In 2008, a Choices issue theme examined climate change just after the release of the 2007 Intergovernmental Panel on Climate Change (IPCC) report series. The last few years have seen the release of another round of IPCC reports along with the National Climate Assessment, reports from the National Academies and several other climate change assessments throughout the world. These reports and the literature more generally contain substantially more evidence on climate change effects and impacts and we have seen additional policy attention devoted to ways to mitigate and adapt to the risks. Thus, this Choices theme revisits the issue and, in doing so, the articles address some of the controversies, imperatives and unmet expectations that have arisen in the last decade plus the challenges that lie ahead.
The connection between climate change and agriculture is multifaceted. A major assertion in the 2014 IPCC and National Assessment reports is that climate change is already affecting agricultural productivity and adaptation is occurring in response. Evidence suggests that these effects are spatially heterogeneous and are likely to intensify in the next century. Furthermore, adaptation has evolved to be a much more prominent theme than in the past, with extensive coverage by the National Academy and prominent coverage in IPCC, 2014. Moreover, the reports again define a role for agriculture in greenhouse gas (GHG) mitigation. Through all this, there remains debate and substantial research on the nature, scale, and severity of future climate change, means of adaption into the future, and potential mitigation actions.
The articles in this thematic package address key dimensions of the effects, adaptation and mitigation facets of the climate change and agriculture issue:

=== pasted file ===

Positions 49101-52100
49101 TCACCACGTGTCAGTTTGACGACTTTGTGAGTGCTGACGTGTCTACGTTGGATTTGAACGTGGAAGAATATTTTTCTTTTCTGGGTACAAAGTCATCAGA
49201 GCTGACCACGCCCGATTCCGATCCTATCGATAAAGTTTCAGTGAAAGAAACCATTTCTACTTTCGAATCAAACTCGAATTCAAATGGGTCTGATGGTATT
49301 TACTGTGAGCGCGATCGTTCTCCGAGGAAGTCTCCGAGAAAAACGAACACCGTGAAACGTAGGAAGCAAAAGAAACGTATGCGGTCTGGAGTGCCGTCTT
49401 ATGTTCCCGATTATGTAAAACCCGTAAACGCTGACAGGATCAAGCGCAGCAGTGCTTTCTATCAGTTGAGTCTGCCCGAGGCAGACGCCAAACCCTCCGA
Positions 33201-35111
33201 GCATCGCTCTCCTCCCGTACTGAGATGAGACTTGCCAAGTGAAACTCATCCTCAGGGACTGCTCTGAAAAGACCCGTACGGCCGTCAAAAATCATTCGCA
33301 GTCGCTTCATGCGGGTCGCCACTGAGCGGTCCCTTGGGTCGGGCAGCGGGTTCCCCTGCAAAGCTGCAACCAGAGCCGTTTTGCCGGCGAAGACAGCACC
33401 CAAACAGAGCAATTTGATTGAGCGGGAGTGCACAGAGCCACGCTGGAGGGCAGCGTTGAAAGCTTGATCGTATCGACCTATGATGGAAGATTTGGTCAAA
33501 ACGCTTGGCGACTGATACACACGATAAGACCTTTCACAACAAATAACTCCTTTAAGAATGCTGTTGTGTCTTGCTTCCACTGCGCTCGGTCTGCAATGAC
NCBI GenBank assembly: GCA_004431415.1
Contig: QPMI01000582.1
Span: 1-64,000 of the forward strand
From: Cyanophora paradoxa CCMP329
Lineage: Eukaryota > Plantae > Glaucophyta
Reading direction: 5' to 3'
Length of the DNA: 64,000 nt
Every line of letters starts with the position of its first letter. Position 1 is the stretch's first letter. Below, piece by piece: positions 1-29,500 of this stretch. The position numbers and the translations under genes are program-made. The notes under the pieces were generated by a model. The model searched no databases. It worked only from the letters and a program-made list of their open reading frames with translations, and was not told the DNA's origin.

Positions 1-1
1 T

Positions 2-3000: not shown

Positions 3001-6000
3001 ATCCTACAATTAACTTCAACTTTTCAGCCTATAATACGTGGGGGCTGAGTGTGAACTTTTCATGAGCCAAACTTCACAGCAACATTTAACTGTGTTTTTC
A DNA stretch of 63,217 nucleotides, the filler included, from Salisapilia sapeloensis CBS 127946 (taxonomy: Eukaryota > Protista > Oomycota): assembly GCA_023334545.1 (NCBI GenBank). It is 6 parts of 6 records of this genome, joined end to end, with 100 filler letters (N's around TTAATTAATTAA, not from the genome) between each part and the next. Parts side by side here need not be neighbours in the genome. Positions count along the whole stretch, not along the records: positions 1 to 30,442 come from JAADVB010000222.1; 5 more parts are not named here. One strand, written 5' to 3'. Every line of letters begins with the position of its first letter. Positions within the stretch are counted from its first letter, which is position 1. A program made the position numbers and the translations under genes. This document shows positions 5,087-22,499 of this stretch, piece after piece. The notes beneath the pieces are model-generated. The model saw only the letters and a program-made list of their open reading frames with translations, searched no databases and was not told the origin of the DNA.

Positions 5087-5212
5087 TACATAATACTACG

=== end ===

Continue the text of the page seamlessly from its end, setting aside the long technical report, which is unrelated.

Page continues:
In the first article on the climate effects facet, Elodie Blanc and John Reilly review the latest climate change impact assessments on crop productivity in the United States. Their findings suggest that under current agricultural practices, a lower future yield trajectory is expected for the major crops grown in the United States, but that adaptation strategies can alleviate these negative impacts. The second article, by John Antle, takes a global view of food security as a potential form of climate change vulnerability. Antle discusses how climate change acceleration, together with population growth, economic growth, and other forms of environmental degradation, could create high hurdles to food access for the world’s population. He argues that, despite these concerns, we know quite little about the likely impacts of climate change on food security. His article explains the apparent gap in our understanding of climate-related food security, why current modeling efforts do not adequately capture food security problems, and how future research can address these knowledge and application gaps.
The next two articles turn attention primarily to the adaptation challenge. After reviewing the evidence and projections that indicate the rise in global emissions and climate change will likely continue for some time—even with mitigation efforts being undertaken—Steven Rose argues that this will make inevitable the need for adaptation. Rose argues that agriculturalists are already well-versed in adapting practices to trend changes in technology and markets, and thus climate adaptation is not a completely foreign concept. However, adaptation to climate change will require investments in capacity for research, outreach and information decision, as well as the institutions to support these activities. Bruce McCarl builds on those by Rose and Blanc and Reilly and highlights the significance of the challenge facing agriculture. Drawing on data from the IPCC assessment report, he argues that the agricultural sector needs to prepare for two phases of climate change—one between now and 2040 that is more or less “dialed in” at about 1° C, and the post-2040 phase that could range from 2-6° based on the mitigation actions taken from this point forward. McCarl identifies about a dozen categories of adaptation, from standard changes in farm management practices to large scale changes, such as purposeful relocation of entire ecosystems, with roles for the public and private sectors. He highlights the current status of adaptation and areas for concern, attitudinal and economic hurdles to ramped up adaptation measures, and the need to intelligently link adaptation and mitigation.